Newfoundland Studies Post-Secondary
The provincial government of Newfoundland has announced (http://www.gov.nf.ca/releases/2003/youth/0722n01.htm) almost $74,000 in funding for a feasibility study on whether postsecondary education needs to be expanded within the province. The studies to assess various needs of the region including educational, cultural, social, and developmental ones. The study is also supposed to come up with preliminary plans and strategies for how to deal with these assessed needs.
Once again it seems that the folks in the Maritimes have a keener eye for the future than most of the rest of us. While the rest of the provinces are happy to pay lip service to postsecondary education, Newfoundland is the only province that actually seems to be studying the need and what’s going to be happening in the future.
This should be important for Athabasca University as we have much to contribute when it comes to delivering education to people who normally do not have access. That is, after all, our mandate. Since Athabasca University is claiming that it must expand in order to survive this strikes as a wonderful opportunity to spread awareness of the university and hopefully expand without having to raise tuitions.
Supporting the Cattle Industry?
Alberta has recently announced (http://www.gov.ab.ca/acn/200307/14842.html) an additional 79 million dollars to be used in support of the cattle industry. To put this into perspective, the entire budget (http://www.athabascau.ca/report2002/operat.htm) of Athabasca University was done with a total revenue of only 54 million dollars for 2002, and the tuition of all of the students, graduate and undergraduate, of Athabasca University only came to 26 million dollars. Or in other words, for less than a third of what is being given out as aid today, tuition at Athabasca University could have been waived. Think of the economic benefits that would have – not only would students be able to freely take courses making them more valuable workers in the future, but they would have been able to spend their money elsewhere, perhaps at the grocery store buying beef instead of having to deal with the food bank, like many students do each year.
Now, I understand that cattle is a major industry, and that there are many livelihoods riding on this decision, but remember that all of this has come from a single case of BSE. A case that we still do not know where it came from, of a disease that we still do not know for sure how it spreads. If this single case can shut down the beef industry across our entire nation, this suggests that perhaps we need to look at a less risky form of agriculture. Instead of devoting all of this money to continuing an industry that is still at an unknown level of risk, maybe some of that money should be devoted to creating and marketing other food products.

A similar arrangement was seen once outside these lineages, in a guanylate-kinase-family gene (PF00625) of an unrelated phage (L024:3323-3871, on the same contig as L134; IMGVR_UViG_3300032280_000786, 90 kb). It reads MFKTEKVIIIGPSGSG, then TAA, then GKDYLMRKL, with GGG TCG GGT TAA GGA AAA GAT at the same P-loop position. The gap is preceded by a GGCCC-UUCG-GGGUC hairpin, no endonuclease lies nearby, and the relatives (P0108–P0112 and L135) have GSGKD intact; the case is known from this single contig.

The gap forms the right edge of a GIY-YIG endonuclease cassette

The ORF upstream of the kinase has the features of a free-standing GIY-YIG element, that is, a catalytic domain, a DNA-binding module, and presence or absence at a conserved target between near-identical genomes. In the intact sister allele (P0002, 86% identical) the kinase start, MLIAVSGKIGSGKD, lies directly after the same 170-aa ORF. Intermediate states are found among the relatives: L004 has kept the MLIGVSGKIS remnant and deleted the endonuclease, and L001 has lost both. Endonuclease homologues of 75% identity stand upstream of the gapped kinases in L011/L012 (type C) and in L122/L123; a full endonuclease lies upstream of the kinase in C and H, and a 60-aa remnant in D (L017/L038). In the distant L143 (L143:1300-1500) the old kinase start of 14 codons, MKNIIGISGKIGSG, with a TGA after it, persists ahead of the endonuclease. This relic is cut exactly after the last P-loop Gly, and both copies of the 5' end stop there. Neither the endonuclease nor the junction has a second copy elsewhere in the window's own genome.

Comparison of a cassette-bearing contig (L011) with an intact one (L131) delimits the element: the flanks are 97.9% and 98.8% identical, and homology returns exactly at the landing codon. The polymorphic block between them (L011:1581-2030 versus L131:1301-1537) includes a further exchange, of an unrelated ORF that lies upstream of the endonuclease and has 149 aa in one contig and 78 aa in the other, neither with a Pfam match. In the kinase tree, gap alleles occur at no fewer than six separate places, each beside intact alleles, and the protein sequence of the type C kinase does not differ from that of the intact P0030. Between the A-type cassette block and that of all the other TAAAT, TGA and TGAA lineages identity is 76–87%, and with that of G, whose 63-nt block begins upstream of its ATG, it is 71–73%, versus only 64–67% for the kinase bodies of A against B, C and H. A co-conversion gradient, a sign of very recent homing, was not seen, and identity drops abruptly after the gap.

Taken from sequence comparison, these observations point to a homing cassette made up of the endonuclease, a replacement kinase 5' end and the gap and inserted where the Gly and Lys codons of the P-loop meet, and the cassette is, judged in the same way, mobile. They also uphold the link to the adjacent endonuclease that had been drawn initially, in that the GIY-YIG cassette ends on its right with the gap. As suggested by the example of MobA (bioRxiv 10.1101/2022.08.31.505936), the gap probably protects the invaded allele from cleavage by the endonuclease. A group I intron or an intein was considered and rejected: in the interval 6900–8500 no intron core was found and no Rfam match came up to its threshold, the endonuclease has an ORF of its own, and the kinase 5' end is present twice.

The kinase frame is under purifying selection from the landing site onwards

If we remember last year, the Alberta Government was having to bail out the cattle industry again, because drought conditions made their food too expensive. How many more years will the Alberta Government continue to bail out ranchers while letting post-secondary students fall by the way-side? Perhaps equally disturbing is simply the willingness of the Alberta Government to loosen the purse strings when it comes to cattle, but when it comes to students unable to afford basic necessities of life while gaining an education – something that will eventually benefit many more people than a cow can – the strings stay tightly shut.
I guess that’s what angers me most about this. It’s not so much that I mind supporting the ranchers, they are in a bind and it certainly isn’t of their own fault, it’s that I see this 79 million dollars now and wonder where this was when the government decided that their funding increase to universities should be less than the rate of inflation.
Thanks, Mr. Klein.
When’s the next election, again?
A native Calgarian, Karl is perpetually nearing the completion of his Bachelor of Arts with a Major in Information Studies. He also works for the Computer Sciences Virtual Helpdesk for Athabasca University and plans to eventually go on to tutor and obtain his Master’s Degree.